The Quebec government is threatening legal action against Air Canada over its alleged failure to comply with a federal law that requires the continued operation of maintenance services in Montreal.
Justice Minister Jean-Marc Fournier told a news conference in Quebec City that the carrier had previously given assurances that its heavy maintenance operations would be continue to be performed in Montreal — effectively by Aveos Fleet Performance, the sucessor to a former subsidiary sold off by the airline.
He said the airline also committed to seek the prior approval of the House of Commons before allowing its maintenance services to be diverted from Quebec, Winnipeg and Toronto.
The province's Liberal government said Tuesday that it has ordered the country's largest carrier (TSX:AC.B) to clarify how it intends to pursue the activities it had formally committed itself to in the past.
The government said it could seek unspecified legal action if the airline fails to respond within 10 days.
"That Air Canada has chosen to have some of its work completed by someone other than its own employees does not change its commitment and performance obligations, legal obligations, to maintain facilities and activities taking place in Montreal," he said.
Referring to the words of the former Air Canada president Pierre Jeanniot and former transport minister Don Mazankowski, Fournier said the airline's commitment was very clear when the law was passed in 1988.
"Air Canada was then assured that these overhaul facilities, which are the type of what was done at Aveos, will be held in Montreal," he told reporters.
The minister said he has obtained legal advice that differs from the federal Justice Department's view that Air Canada didn't violate the law.
"On several levels, it is possible that it doesn't agree with what was written in the federal legal advice," he said. "Their opinion is their opinion."
Air Canada didn't specifically respond to Quebec's legal threat but repeated past claims that it is in full compliance with all aspects of the federal law by operating its own maintenance operations in Canada.
"Air Canada's compliance has been confirmed by the courts and the federal government in a legal opinion from Justice Canada to Transport Canada," stated spokeswoman Isabelle Arthur.
In Ottawa, Transportation Minister Denis Lebel reiterated that the federal government has no power to save the Aveos jobs.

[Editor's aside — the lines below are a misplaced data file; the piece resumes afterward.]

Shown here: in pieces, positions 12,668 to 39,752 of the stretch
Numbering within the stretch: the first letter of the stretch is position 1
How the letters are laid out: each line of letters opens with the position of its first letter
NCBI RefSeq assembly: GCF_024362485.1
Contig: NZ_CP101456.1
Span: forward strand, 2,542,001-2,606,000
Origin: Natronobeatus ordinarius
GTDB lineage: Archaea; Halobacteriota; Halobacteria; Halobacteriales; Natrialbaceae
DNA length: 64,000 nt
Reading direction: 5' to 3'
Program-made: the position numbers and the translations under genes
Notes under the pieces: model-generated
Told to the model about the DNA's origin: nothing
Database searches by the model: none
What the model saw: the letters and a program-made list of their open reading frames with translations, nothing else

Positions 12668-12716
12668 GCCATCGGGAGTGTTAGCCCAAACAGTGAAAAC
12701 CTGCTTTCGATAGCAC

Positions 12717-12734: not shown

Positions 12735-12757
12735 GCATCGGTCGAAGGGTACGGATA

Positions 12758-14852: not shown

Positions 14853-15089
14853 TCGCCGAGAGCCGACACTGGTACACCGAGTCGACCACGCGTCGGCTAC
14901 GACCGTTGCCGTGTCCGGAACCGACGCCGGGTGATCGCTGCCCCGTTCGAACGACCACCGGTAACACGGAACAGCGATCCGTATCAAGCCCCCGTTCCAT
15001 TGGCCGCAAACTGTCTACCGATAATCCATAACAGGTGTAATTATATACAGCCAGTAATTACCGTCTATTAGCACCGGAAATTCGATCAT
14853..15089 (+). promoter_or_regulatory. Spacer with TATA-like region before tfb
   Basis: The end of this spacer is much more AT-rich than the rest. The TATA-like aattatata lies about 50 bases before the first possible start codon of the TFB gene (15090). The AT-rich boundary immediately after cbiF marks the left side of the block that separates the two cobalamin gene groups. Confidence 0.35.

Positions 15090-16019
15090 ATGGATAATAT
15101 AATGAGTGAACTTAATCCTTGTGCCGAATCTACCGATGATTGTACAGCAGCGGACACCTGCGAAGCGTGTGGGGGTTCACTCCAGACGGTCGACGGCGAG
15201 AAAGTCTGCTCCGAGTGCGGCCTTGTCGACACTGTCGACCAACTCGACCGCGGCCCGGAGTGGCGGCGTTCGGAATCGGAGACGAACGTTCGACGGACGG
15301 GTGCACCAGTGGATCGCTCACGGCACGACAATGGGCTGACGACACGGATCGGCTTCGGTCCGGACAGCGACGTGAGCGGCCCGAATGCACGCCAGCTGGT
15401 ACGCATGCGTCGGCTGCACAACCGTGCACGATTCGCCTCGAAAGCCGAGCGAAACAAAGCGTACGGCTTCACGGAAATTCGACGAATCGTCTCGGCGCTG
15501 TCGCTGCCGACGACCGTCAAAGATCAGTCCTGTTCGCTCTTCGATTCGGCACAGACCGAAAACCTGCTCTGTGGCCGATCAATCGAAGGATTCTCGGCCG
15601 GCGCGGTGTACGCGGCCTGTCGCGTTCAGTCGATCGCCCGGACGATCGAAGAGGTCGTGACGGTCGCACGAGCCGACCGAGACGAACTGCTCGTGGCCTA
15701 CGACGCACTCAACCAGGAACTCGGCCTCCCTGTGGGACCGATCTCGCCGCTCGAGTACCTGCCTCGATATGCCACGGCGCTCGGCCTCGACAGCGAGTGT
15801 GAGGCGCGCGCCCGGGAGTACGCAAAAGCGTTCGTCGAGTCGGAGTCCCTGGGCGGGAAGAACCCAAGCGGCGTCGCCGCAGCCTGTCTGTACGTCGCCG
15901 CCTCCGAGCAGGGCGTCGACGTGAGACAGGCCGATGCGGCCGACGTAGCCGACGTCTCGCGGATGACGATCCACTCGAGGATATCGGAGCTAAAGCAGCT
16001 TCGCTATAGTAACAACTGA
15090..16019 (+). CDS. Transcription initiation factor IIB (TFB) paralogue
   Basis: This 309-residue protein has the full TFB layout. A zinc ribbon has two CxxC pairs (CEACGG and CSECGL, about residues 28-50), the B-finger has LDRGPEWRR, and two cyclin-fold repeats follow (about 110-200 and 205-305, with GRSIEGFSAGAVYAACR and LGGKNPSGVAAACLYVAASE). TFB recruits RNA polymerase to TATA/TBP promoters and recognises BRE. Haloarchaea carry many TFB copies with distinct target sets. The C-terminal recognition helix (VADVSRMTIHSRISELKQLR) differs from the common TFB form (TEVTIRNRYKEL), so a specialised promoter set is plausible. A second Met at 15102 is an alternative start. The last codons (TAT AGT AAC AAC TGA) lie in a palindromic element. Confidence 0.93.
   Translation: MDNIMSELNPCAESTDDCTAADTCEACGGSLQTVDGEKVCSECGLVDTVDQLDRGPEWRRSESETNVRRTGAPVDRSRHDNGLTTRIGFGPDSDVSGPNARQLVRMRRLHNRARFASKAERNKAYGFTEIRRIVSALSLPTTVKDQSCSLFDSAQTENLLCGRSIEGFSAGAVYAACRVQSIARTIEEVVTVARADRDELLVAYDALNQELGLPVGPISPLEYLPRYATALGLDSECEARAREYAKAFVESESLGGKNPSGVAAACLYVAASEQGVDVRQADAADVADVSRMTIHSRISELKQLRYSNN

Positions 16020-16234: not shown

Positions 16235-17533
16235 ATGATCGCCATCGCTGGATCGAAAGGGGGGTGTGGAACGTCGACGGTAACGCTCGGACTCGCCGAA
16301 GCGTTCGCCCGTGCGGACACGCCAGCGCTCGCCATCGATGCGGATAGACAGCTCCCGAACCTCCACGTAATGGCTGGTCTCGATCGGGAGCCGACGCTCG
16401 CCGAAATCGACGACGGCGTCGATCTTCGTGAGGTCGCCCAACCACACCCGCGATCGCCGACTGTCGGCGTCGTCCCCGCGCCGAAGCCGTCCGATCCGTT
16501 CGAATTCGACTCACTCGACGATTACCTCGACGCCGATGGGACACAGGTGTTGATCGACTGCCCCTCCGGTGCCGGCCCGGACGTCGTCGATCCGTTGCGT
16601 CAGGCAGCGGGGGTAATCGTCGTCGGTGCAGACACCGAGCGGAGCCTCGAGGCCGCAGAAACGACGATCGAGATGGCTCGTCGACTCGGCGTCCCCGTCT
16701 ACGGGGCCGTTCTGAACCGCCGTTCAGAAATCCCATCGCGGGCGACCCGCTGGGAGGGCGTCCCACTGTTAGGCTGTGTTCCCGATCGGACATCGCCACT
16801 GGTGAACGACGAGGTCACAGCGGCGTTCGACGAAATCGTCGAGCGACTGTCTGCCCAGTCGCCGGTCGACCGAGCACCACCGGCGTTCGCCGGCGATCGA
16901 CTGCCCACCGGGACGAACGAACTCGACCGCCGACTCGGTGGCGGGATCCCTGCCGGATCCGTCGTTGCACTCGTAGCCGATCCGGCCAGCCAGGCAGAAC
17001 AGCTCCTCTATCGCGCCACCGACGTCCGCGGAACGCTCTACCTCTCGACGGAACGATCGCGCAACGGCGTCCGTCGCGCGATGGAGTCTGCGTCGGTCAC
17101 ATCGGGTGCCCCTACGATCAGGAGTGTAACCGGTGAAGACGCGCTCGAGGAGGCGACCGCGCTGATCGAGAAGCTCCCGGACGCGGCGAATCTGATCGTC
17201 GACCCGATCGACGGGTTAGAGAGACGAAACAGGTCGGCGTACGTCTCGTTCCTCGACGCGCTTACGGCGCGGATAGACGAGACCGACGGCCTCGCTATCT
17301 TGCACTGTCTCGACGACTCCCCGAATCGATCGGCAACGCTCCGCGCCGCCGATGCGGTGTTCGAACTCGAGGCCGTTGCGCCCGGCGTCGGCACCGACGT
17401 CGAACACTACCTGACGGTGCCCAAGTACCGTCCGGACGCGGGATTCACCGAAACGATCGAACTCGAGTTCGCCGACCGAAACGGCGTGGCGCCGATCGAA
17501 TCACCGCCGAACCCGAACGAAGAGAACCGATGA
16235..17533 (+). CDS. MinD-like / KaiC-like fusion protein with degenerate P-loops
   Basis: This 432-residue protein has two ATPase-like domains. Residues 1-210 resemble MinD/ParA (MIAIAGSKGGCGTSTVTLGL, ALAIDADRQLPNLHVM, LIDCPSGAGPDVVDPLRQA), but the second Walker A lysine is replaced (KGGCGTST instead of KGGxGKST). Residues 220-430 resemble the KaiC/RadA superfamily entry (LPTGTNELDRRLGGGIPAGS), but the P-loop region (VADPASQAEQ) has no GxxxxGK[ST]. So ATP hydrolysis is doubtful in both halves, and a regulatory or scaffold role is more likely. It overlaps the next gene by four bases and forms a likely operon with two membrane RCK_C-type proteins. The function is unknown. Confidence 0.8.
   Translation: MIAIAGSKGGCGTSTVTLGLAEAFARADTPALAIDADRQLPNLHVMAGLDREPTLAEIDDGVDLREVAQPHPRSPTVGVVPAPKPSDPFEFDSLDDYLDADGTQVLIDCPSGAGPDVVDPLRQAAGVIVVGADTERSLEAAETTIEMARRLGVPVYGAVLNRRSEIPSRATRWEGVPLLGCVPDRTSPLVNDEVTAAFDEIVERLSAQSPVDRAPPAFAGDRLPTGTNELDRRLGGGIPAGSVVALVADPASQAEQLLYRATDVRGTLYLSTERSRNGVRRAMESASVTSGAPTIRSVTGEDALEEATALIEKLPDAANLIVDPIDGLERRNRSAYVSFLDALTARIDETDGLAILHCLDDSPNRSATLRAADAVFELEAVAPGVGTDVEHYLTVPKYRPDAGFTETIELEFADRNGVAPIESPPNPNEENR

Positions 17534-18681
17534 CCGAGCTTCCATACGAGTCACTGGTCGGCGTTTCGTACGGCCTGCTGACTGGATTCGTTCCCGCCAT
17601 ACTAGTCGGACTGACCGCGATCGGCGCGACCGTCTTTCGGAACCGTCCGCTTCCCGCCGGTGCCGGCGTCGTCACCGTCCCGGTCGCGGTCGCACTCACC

"Air Canada is a private company in the same way (as) Aveos," he said in the House of Commons.
"We presented a legal opinion which confirms that Air Canada respect the laws and we will let the Air Canada people take their business decisions."
Aveos announced plans to liquidate its assets under the Companies Creditors' Arrangement Act on March 20, citing a decline in business from Air Canada.
The government's decision to pursue a legal strategy regarding Aveos was well-received by the union representing its former employees.
Meanwhile, the Manitoba government said it was monitoring Quebec's action.
"Our first concern is for the 400 Manitobans who can't be at work. There's the obvious strain on those families but a loss of this many jobs also impacts the communities," said Rachel Morgan, spokeswoman Entrepreneurship Minister Peter Bjornson.
She said Manitoba believes the federal government must uphold provisions of the Air Canada Participation Act and maintain heavy maintenance facilities in Winnipeg.
"The province will do everything it can to preserve the Aveos maintenance facilities and the jobs for the employees, either by a restructured Aveos or another company," she said in an email.
Meanwhile, the union has formally established a committee to help workers find other jobs or obtain the necessary skills to do so.
"Our people, in addition to not having a salary, cannot get unemployment insurance because Aveos gave no termination," added International Association of Machinists and Aerospace Workers spokesman Jean Poirier.
Quebec Economic Development Minister Sam Hamad added that discussions are underway with various partners to preserve Aveos' assets and to potentially find a new operator.
The Quebec Federation of Labour's Solidarity Fund is one of the groups trying to revive the aircraft maintenance, repair and overhaul company that employed 2,600 workers across Canada, including 1,800 in Montreal.